Date of Graduation
Within the everyday problem-solving literature, a small number of studies have examined effectiveness as a problem-solving outcome measure. Effectiveness is a method of determining the quality of strategies used to solve ill-defined problems. Knowing the effectiveness of a problem-solving strategy can help determine whether an age differences in the use of that strategy also indicates better everyday outcomes for one age group. Of the few studies that have examined age differences in effective problem solving, none have systematically assessed the dimensions that make some strategies effective and others ineffective for various problem situations. In addition, a variety of methodological considerations in determining problem-solving effectiveness have yet to be addressed within problem-solving research, leaving many questions about the validity of extant findings unanswered. Finally, it is not clear why age differences in effectiveness may vary across specific problem domains. The present study adapted Cornelius and Caspi's (1987) Everyday Problem Solving Inventory (EPSI) in order to examine problem-solving strategy endorsements and problem-solving effectiveness for younger and older adults. The EPSI consisted of problem-solving vignettes occurring within six problem domains (i.e., conflicts with friends, consumer issues, family conflicts, home management, information use, and work-related issues). The revised EPSI (REPSI) used in the present study included two additional everyday domains that are relevant for both younger and older adults: health care issues and technology issues. Participants were 69 younger and 61 older adults who rated the likelihood that they would use (strategy endorsement) each of four problem-specific strategies to solve four problem situations for each domain; the strategies were classified as avoidant thinking and denial (AD), cognitive problem analysis (CA), passive-dependent behavior (PD), and problem-focused action (PF). Participants and experts assessed strategy quality on three dimensions: the degree to which the strategy solved the problem, prevented or minimized future occurrences of the problem, and managed emotional reactions to the problem. Self and expert ratings were each combined with participants' endorsements of the strategy types in order to determine effectiveness. For each dependent variable, a 2 (Age) x 4 (Strategy) x 8 (Problem Domain) ANOVA was performed to examine group differences. The three-way interaction was significant within each analysis: strategy endorsement ratings, F(21, 2583) = 3.79, p < .001, eta p2 = .03; expert-based effectiveness scores, F(21, 2583) = 2.28, p = .001, eta p2 = .02; and self-based effectiveness scores, F(21, 2520) = 1.74, p < .05, eta p2 = .01. Follow-up tests revealed that age differences in strategy endorsements and effectiveness varied according to the domain of the problem. For solving information use problems, younger adults endorsed AD higher than older adults, but older adults endorsed AD higher than younger adults for consumer, work, and family problems. Younger adults endorsed CA higher than older adults for solving technology and information use problems. Younger adults endorsed PD higher than older adults for consumer, information use, health care, and technology problems. Younger adults also endorsed PF higher than older adults for solving home and family problems, but older adults endorsed PF higher than younger adults for solving consumer problems. Expert-based effectiveness scores indicated that younger adults had higher effectiveness scores than older adults for solving friend and information problems. Younger adults also had higher AD effectiveness for solving family problems than did older adults. However, self-based effectiveness scores indicated that older adults had higher effectiveness scores for solving work and technology problems than younger adults. Potential mediators of age differences in problem-solving effectiveness were assessed within the various domains. Participants' accumulated prior success with solving friend problems mediated age differences in expert-based effectiveness for solving friend problems (Sobel test statistic = -2.18, SE = .01). Taken together, these findings suggest that everyday problem-solving effectiveness is highly contextual. Problem domain effects were consistently larger than strategy effects, which were generally larger than age effects. Prior investigations of problem-solving effectiveness may have simplified our understanding of the nature of age differences in effective problem solving across problem domains.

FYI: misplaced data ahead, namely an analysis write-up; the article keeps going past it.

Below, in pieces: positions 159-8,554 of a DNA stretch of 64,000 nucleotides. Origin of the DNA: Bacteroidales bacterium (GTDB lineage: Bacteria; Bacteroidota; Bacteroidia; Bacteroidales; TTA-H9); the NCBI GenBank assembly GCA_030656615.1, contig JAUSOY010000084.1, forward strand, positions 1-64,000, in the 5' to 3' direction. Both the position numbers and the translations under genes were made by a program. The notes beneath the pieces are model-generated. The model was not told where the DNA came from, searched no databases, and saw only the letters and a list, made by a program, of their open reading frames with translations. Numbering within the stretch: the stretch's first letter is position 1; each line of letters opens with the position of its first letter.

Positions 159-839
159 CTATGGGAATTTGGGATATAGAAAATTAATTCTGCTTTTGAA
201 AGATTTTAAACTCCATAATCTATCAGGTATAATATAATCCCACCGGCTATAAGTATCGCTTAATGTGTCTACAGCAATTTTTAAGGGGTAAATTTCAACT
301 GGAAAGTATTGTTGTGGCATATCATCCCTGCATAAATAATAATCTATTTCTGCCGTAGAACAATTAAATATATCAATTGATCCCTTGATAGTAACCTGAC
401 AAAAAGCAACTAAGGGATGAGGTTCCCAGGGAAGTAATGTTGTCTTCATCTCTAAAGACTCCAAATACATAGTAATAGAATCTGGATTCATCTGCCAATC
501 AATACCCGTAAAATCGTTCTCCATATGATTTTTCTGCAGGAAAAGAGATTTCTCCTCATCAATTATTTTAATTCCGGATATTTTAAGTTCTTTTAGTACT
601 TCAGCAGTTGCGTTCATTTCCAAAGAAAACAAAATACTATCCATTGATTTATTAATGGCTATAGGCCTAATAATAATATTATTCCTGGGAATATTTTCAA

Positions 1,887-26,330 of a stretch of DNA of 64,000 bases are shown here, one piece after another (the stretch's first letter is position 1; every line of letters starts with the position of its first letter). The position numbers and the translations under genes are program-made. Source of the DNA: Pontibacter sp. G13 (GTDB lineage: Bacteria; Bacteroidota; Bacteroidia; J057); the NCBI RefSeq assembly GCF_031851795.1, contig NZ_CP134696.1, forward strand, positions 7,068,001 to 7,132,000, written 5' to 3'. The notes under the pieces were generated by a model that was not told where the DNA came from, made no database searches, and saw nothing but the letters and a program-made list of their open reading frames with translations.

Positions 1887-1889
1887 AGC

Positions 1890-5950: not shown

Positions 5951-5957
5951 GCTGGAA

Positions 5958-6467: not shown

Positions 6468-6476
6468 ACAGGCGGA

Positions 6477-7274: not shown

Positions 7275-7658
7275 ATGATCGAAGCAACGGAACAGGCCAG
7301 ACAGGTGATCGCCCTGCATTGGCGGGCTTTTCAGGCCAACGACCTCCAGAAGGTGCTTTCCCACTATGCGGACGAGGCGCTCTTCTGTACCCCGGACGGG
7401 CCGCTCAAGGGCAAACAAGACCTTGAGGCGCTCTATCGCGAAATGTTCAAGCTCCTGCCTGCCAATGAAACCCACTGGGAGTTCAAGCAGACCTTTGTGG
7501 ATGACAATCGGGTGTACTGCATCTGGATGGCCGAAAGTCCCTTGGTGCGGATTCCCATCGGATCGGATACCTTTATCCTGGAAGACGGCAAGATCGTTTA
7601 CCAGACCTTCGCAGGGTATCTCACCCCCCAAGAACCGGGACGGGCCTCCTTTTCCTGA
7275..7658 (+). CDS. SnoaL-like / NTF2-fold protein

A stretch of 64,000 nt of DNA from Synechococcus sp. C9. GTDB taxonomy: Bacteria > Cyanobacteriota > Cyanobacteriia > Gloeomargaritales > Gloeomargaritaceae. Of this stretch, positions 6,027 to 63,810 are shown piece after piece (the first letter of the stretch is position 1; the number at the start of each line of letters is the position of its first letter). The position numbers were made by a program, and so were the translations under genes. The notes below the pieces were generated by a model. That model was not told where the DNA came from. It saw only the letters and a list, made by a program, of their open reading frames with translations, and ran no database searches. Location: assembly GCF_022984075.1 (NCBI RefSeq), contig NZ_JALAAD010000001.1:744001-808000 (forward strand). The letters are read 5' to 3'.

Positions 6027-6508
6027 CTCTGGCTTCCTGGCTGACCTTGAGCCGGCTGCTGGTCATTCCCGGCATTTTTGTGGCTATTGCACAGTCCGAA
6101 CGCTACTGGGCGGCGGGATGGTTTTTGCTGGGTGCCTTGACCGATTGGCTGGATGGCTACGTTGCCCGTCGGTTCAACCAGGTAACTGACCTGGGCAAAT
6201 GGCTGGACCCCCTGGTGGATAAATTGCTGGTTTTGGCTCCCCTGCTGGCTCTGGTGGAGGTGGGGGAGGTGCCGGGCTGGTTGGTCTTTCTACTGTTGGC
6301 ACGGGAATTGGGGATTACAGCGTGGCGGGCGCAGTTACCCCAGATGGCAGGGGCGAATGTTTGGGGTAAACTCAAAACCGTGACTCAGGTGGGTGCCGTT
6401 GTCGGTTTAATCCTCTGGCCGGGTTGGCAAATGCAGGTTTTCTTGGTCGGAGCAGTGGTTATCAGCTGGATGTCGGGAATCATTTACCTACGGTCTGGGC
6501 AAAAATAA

McFall, Joseph P., "Effectiveness of strategies for solving everyday problems during early and later adulthood: A reexamination of the Everyday Problem Solving Inventory" (2010). Graduate Theses, Dissertations, and Problem Reports. 4631.